I'm a big admirer of Oscar-winning director Martin Scorsese—I thoroughly enjoyed his recent Bob Dylan "documentary," Rolling Thunder Revue, and I look forward to watching his newest narrative film, The Irishman, when it hits Netflix later this month after a limited theatrical run (more on that later). But the 76-year-old genius behind Mean Streets, Taxi Driver, Goodfellas, and many other modern classics is sounding more and more like just another entitled, grumpy old man, bitching and moaning not just about the vulgar popular taste of everyday moviegoers but the supposed sacrificing of serious art films at the altar of crass commercialism. "The situation at this moment is brutal and inhospitable to art," declares Scorsese amidst an immense and sustained proliferation of quality film, video, TV, music, books, and other forms of creative expression. He sounds almost as delusional as his signature characters Travis Bickle, Rupert Pupkin, and Henry Hill.
Scorsese's sort of critique has never fit comfortably in a Hollywood setting—no art form is more deeply entwined with commercial culture than motion pictures—but it's also flat-out wrong from a spectator's perspective. If you like movies, you've never had as many choices of types of films, video, and series to watch or, even more important, as many ways to watch and enjoy them. Whether we're talking quality or quantity, we've never had so much good stuff to consume, most of it available at our fingertips.
A few weeks ago in an interview, Scorsese denounced big-budget superhero movies, saying, "That's not cinema….It isn't the cinema of human beings trying to convey emotional, psychological experiences to another human being." In a New York Times op-ed published Monday, Scorsese expanded on his attack on contemporary blockbusters, making an invidious comparison between "franchise films" (e.g., all those Marvel blockbusters) and an "art form" (such as movies by Hitchcock, even though he concedes that they may have a tedious "sameness to them"). Growing up in the '50s and '60s, Scorsese recalls a time when movies were still dismissed as mere entertainment. "There was some debate about that at the time, so we stood up for cinema as an equal to literature or music or dance," he writes. That argument was of course settled long ago, in favor of movies (and TV, rock music, and other forms of popular culture), but Scorsese, apparently scarred by the battle, just can't take the win. Yet nobody seriously claims anymore that film is not as worthy of study as literature (which only fought its way into the college curriculum for real in the 20th century). Gatekeepers have now moved on to questioning whether video games are art (the short answer is, yes, they are, and will become even more interesting and compelling over time as their creators self-consciously develop their aesthetics).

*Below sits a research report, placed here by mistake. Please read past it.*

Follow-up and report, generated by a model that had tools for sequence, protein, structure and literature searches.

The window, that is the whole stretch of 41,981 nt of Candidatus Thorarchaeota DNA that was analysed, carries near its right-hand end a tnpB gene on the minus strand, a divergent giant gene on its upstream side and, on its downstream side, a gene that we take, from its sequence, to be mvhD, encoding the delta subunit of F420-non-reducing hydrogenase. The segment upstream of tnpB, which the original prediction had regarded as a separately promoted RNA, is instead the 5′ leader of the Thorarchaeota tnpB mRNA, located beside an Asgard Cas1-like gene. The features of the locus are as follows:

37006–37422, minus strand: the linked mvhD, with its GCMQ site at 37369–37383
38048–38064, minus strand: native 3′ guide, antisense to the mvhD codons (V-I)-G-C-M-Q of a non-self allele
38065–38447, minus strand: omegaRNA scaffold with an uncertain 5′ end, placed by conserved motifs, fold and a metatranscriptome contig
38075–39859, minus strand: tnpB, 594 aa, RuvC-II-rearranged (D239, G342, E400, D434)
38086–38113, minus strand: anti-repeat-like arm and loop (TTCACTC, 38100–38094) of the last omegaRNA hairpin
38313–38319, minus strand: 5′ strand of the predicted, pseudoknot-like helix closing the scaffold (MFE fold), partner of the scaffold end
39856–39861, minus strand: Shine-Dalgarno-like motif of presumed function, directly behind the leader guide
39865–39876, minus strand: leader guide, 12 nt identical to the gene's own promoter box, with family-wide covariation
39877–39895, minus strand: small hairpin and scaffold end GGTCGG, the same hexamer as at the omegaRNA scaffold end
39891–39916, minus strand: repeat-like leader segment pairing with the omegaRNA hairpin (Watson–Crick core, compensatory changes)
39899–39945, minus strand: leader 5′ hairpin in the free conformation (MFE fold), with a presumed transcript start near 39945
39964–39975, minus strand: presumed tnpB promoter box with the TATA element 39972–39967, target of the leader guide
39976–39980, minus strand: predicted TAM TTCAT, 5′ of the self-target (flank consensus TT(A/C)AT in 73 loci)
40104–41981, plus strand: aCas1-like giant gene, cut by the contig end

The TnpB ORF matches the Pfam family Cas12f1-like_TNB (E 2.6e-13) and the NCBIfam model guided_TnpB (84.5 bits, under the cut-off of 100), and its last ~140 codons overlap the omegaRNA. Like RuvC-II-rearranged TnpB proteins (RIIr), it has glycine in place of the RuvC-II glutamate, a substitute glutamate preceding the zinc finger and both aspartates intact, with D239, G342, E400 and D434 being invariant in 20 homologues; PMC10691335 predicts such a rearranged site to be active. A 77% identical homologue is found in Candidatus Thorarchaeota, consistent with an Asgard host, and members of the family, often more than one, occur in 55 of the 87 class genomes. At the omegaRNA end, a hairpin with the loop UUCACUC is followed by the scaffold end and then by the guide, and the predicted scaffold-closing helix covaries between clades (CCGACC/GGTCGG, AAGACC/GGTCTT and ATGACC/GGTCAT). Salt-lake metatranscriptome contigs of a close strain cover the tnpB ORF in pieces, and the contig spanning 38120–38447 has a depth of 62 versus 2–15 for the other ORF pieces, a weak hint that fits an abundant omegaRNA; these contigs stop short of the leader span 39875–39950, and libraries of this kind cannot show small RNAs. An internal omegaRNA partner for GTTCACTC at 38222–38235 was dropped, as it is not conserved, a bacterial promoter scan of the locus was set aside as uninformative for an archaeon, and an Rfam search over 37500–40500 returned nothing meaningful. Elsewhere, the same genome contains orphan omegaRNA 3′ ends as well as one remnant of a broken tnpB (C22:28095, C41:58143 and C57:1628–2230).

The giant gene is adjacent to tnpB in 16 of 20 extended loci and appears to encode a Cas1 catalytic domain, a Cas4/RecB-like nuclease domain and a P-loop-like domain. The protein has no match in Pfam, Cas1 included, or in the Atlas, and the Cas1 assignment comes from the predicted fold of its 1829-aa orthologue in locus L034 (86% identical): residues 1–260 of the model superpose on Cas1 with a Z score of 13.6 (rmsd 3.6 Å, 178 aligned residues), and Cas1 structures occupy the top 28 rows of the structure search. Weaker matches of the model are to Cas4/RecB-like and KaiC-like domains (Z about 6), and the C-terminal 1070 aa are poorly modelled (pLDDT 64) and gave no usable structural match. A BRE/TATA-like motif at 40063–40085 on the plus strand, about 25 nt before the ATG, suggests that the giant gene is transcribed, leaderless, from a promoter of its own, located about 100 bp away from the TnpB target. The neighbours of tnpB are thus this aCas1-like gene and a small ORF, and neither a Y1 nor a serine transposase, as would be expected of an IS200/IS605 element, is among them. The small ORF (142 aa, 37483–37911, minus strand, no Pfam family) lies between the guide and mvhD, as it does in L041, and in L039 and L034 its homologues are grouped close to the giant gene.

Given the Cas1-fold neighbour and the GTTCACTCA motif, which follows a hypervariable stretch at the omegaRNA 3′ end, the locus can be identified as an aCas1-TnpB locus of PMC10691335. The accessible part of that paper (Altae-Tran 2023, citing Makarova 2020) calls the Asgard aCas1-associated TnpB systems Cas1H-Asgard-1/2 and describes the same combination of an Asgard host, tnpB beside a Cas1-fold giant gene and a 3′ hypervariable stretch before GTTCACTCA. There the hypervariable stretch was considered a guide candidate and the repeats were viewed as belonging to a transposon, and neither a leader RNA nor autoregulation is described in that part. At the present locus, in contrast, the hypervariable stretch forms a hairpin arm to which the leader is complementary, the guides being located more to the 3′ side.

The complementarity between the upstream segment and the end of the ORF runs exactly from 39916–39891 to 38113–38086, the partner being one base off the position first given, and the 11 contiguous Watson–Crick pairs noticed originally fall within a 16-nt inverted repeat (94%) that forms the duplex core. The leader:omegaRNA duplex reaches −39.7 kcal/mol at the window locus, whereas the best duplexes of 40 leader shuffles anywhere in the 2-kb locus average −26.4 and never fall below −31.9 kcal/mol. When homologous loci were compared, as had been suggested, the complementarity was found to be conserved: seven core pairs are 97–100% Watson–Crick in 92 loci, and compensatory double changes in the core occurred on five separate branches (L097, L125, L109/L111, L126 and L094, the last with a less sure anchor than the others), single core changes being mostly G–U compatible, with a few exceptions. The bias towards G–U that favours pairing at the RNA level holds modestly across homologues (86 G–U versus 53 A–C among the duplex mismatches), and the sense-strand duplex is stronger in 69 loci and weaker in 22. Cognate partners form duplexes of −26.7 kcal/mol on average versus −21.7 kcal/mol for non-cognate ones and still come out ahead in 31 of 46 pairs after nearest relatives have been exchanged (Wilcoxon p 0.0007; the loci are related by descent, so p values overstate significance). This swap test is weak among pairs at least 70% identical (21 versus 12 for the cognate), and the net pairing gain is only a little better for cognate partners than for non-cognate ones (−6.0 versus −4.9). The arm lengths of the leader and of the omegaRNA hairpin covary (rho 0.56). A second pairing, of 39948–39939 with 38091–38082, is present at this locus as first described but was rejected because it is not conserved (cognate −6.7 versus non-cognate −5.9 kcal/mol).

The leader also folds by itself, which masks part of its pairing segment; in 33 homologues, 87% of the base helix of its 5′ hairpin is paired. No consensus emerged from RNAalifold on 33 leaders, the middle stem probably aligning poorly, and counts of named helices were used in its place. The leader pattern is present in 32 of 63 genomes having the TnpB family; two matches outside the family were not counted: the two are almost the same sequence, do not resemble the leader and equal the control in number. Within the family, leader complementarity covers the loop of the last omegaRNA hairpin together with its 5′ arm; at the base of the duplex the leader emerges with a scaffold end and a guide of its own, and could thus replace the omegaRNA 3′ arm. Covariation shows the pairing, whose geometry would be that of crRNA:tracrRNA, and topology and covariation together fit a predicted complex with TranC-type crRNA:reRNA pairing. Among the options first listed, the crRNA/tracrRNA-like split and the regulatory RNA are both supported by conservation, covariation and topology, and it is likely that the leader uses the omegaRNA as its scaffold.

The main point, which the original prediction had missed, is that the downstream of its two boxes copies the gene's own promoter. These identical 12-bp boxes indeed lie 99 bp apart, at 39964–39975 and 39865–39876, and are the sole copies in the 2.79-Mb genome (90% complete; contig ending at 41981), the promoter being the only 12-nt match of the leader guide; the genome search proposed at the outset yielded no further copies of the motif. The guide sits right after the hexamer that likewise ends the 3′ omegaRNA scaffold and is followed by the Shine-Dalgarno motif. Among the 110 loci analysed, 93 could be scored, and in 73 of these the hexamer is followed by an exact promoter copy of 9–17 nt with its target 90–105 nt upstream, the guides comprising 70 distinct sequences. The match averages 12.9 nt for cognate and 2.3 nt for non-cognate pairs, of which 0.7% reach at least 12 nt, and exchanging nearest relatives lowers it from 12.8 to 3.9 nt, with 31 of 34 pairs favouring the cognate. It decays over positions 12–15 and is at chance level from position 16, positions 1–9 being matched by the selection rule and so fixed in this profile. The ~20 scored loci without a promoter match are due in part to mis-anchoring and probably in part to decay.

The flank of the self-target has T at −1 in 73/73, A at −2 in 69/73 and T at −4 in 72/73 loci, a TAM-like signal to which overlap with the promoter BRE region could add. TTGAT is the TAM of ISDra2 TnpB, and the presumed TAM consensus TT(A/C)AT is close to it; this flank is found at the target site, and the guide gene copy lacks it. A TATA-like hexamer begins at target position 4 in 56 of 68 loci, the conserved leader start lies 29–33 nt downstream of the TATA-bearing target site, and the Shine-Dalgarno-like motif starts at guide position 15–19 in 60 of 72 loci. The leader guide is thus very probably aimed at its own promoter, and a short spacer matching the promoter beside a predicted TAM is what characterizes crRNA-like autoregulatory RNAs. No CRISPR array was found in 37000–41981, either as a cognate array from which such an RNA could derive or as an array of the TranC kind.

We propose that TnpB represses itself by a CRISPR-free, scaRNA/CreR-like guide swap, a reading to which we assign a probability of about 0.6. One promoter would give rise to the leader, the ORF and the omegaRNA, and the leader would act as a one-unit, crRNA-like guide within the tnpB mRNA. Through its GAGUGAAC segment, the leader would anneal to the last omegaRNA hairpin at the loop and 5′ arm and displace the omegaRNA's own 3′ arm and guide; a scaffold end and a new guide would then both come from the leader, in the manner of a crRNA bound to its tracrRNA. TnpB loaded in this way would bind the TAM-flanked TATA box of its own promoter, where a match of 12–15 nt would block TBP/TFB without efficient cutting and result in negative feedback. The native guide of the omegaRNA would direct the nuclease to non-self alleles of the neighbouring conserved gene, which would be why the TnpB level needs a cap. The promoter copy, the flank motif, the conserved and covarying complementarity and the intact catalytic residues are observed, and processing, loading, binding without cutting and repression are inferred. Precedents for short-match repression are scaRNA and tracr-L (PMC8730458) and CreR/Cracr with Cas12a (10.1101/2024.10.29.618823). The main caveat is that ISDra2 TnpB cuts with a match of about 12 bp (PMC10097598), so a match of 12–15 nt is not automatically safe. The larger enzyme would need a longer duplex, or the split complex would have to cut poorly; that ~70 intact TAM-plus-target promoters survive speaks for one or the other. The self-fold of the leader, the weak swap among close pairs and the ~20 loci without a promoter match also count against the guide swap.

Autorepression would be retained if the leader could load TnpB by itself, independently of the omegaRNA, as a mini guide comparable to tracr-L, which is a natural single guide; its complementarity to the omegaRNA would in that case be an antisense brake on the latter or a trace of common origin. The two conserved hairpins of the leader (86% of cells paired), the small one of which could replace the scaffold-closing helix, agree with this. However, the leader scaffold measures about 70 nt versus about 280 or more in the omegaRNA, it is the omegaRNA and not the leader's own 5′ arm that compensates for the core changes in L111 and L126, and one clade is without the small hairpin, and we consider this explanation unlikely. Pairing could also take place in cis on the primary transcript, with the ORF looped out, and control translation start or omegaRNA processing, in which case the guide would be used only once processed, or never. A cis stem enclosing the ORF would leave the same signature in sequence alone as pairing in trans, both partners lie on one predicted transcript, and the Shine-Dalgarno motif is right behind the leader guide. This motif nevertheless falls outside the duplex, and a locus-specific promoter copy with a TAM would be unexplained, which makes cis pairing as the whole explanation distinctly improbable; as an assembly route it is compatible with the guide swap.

Even as Scorsese repeatedly says that his dislike of superhero movies is simply his personal taste, he can't stop himself from dismissing them as something more sinister, a marketing ploy designed to placate both corporate overlords and what H.L. Mencken called "the great boob public." "Everything in [superhero movies is] officially sanctioned because it can't really be any other way. That's the nature of modern film franchises: market-researched, audience-tested, vetted, modified, revetted and remodified until they're ready for consumption," he writes. "Many films today are perfect products manufactured for immediate consumption."
That's an uninformed take at best, especially when considering films such as 2018's Avengers: Infinity War and this year's Avengers: Endgame, in which a number of major characters (not to mention "half of all life in the universe") are killed off. On the face of it, that hardly seems like the move a calculating studio head would greenlight. Consider, too, Joker, the controversial film based on the Batman archvillain and filled with homages to Scorsese's own King of Comedy. This moody, violent tale—made for about one-third of the budget of Scorsese's latest, which cost a reported $159 million!—stretches audiences in all sorts of emotional and aesthetic directions. The same can and should be said about Christopher Nolan's Dark Knight trilogy, which is easily as profound a meditation on violence, social decay, and justice as anything Scorsese has produced.
I'd like to suggest Scorsese's aesthetic critique—which by his own admission is uninformed—is simply mere snobbism. Despite film being a relatively modern medium, it's a very old and unconvincing canard to oppose commercial culture with "real" art. The funding of a particular piece of creative expression ultimately says precious little about its aesthetic value or cultural meaning. I'm happy to stipulate that many—most, actually—superhero movies are terrible. The same can also rightly be said about "serious" films (defined however you see fit). From the audience's viewpoint, whether a film is produced in the name of making a buck or trying to be the next Citizen Kane is beside the point.